Walt Amses: The Big Lie was a big grift; there should be consequences

This commentary is by Walt Amses, a writer who lives in North Calais.

The last 18 months of American politics may very well be the poster child for this quote: “The only thing necessary for the triumph of evil is for good men to do nothing,” frequently and mistakenly attributed to Edmund Burke. 

Its origin is more likely from an 1867 inaugural address at the University of St. Andrews by philosopher John Stuart Mill, where he said: “Let not anyone pacify his conscience by the delusion that he can do no harm if he takes no part.” 

The genesis notwithstanding, revelations by the Jan. 6 committee painfully demonstrate how a number of theoretically “good” men (and women) chose to do nothing and in some cases worse than nothing, in service to the former president, whose duplicity knows no bounds. 

The opening salvo of the first two televised committee hearings offered a chilling, point-by-point evisceration of the Big Lie, which all of its major proponents, including most notably Number 45 himself, knew from the beginning to be patently false. 

Declaring on Election Night: “We did win this election” before the ballots were tallied, POTUS emeritus ignored his advisers, save the “inebriated” Rudy Guiliani, who urged the premature declaration of victory, from which there has been no backing down for a year and a half despite overwhelming evidence to the contrary. 

In a recorded deposition, former Attorney General William Barr called any claims of widespread election fraud “nonsense,” and said his boss had become “detached from reality,” never interested “in what the actual facts were.”

After a presidency driven by delusion, these revelations themselves were not surprising, but coming as they did from White House staffers, former loyalists and cabinet members, coupled with a comprehensive presentation by a committee that had obviously done its homework, the hearings were imbued with a sense of gravity missing from his two unprecedented impeachment trials. 

Absent the sycophantic shrieking of the barely tethered likes of Jim Jordan or Matt Gaetz, the adults in the room were able to systematically connect the dots, illustrating just how farcical was the notion of a stolen election, as well as the extent to which the former president was willing to go in contradicting that reality. 

But even as witness after witness testified to the Former’s myopic focus on retaining the White House, another more telling narrative was beginning to surface concerning his motivation for engaging in what he knew to be a complete fabrication, even at the expense of democracy.

We must remember that the former president of the United States and his crime family are first and foremost grifters. Always have been; always will be. Liars, cheats, swindlers and, to paraphrase Elizabeth Warren, “money grubbers.” A lifelong confidence game has been the family business, bilking people out of their money through lofty promises that never come to fruition, like the family “University,” an unaccredited entity with the sole purpose of defrauding students who eventually sued and were awarded $25 million in a federal settlement.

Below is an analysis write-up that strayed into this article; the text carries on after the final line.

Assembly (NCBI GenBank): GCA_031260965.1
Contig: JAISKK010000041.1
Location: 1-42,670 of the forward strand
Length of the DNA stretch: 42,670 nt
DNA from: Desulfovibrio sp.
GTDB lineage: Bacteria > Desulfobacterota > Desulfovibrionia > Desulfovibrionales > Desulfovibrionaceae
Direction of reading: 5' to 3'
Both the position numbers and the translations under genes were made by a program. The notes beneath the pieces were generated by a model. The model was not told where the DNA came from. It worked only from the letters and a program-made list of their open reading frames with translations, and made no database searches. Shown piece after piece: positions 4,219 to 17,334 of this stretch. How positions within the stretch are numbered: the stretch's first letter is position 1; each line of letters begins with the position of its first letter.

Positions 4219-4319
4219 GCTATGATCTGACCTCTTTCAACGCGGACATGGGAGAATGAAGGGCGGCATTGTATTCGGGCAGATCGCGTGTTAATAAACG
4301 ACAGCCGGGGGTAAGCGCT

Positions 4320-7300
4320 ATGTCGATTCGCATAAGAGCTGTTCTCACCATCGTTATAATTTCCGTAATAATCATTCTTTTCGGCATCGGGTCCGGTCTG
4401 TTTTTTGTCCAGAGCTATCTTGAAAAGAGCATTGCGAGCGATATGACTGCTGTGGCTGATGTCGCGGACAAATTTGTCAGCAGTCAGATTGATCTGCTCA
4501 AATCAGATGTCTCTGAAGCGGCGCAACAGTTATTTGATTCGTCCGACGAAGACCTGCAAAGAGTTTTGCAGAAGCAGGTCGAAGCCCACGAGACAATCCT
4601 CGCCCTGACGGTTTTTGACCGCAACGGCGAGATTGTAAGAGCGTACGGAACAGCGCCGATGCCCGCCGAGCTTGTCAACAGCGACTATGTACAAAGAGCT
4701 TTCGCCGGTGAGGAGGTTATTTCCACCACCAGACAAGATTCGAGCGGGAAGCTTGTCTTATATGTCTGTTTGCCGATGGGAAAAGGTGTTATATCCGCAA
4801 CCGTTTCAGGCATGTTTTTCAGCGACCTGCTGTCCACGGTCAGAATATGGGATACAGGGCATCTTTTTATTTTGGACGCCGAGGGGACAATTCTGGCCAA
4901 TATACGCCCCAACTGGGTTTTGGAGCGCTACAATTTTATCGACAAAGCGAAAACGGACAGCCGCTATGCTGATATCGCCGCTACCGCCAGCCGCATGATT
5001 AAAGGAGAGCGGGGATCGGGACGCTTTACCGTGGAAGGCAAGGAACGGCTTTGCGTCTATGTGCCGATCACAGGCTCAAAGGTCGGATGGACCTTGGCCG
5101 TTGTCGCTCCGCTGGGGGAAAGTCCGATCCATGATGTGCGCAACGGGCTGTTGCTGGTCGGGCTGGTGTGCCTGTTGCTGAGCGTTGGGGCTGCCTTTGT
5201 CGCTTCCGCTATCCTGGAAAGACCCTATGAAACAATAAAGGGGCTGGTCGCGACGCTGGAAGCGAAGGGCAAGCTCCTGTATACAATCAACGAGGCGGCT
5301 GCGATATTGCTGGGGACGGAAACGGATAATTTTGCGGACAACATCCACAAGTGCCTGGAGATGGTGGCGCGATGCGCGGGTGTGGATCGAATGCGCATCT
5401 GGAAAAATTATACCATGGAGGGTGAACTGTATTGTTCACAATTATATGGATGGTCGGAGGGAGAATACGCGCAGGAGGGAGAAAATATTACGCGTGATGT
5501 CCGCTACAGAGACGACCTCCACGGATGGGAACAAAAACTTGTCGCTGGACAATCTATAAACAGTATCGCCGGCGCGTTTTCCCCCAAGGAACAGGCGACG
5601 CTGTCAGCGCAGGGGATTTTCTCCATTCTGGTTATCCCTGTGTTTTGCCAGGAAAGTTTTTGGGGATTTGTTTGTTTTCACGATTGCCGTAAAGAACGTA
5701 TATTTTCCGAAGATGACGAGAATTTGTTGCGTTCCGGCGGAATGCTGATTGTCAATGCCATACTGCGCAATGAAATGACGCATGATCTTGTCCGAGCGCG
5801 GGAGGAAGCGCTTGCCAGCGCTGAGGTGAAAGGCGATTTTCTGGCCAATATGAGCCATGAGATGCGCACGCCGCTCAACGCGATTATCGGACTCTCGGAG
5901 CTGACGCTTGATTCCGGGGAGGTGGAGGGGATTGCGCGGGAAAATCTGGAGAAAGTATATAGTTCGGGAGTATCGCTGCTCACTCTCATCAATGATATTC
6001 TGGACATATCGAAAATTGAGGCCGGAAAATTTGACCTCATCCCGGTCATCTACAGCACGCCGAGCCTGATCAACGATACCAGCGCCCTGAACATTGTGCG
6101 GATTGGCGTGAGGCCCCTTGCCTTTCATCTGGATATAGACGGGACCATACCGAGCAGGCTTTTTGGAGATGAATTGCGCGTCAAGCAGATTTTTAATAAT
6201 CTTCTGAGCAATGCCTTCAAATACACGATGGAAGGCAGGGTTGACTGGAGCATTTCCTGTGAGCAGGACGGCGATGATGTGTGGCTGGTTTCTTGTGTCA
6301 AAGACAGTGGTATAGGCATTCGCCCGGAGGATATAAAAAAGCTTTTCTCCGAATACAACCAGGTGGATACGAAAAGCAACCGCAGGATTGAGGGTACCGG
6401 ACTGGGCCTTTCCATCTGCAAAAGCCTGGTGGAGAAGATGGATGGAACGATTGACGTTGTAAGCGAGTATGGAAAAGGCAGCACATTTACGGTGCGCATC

The family charity or “foundation” was shuttered in 2018 by the New York Attorney General for misconduct, “illegally misusing charitable funds for political purposes,” and required to pony up over $2 million to eight different charities and acknowledge “personal misuse of funds.” 

As lucrative as this may seem, it was mere pocket change compared to the opportunity that the “Big Lie” would offer, especially while MAGA loyalists remained gullible enough to believe their donations would go toward righting an egregious attempt by the “radical Left” to subvert the 2020 election. 

Last week, the House select committee firmly debunked that fantasy, with Rep. Zoe Lofgren firmly stating: “The Big Lie was also a big ripoff” as the damning evidence mounted, supporting claims that the former president and his allies had raised up to a quarter of a billion dollars under the guise of assisting with the campaign’s election challenges, which never happened. 

Most of the money was channeled into the “Save America” PAC, created just days after the election. The “Official Election Defense Fund” promoted in dozens of daily fundraising emails never actually existed. 

While the “Big Lie” has always been considered a means to undermine a legitimate election that the former president lost handily, it’s quite possible that was never the intention at all. It increasingly seems as though he and his closest associates, who all knew he’d not even come close to winning, conspired to scam his most loyal MAGA supporters one more time on his way out the door. They had no designs on flipping the 2020 election. They never even tried, once the money started rolling in. “The Big Lie” itself was just a big lie. Another big grift.

Yet, while the lie is ushered into the wings and the grift takes center stage, there remains a movement afoot to perpetuate the mythical stolen election, allowing red states to more easily do precisely what they’re railing against — overturning the will of the voters. And it’s worked thus far. The majority of Republicans still think there were either fraudulent ballots, dead voters, manipulated election rules, destroyed ballots or ineligible voters, all conspiracy theories pushed by the dangerous solidarity between the GOP and far-right fringe dwellers.

Whether any of this makes a huge difference in the long run is anybody’s guess, but those people who did nothing, silently condoning this ongoing threat to democracy or, worse, playing an active role in perpetuating the deception for personal or political gain, should face consequences for selfishly placing the nation at risk, very nearly allowing evil to triumph.

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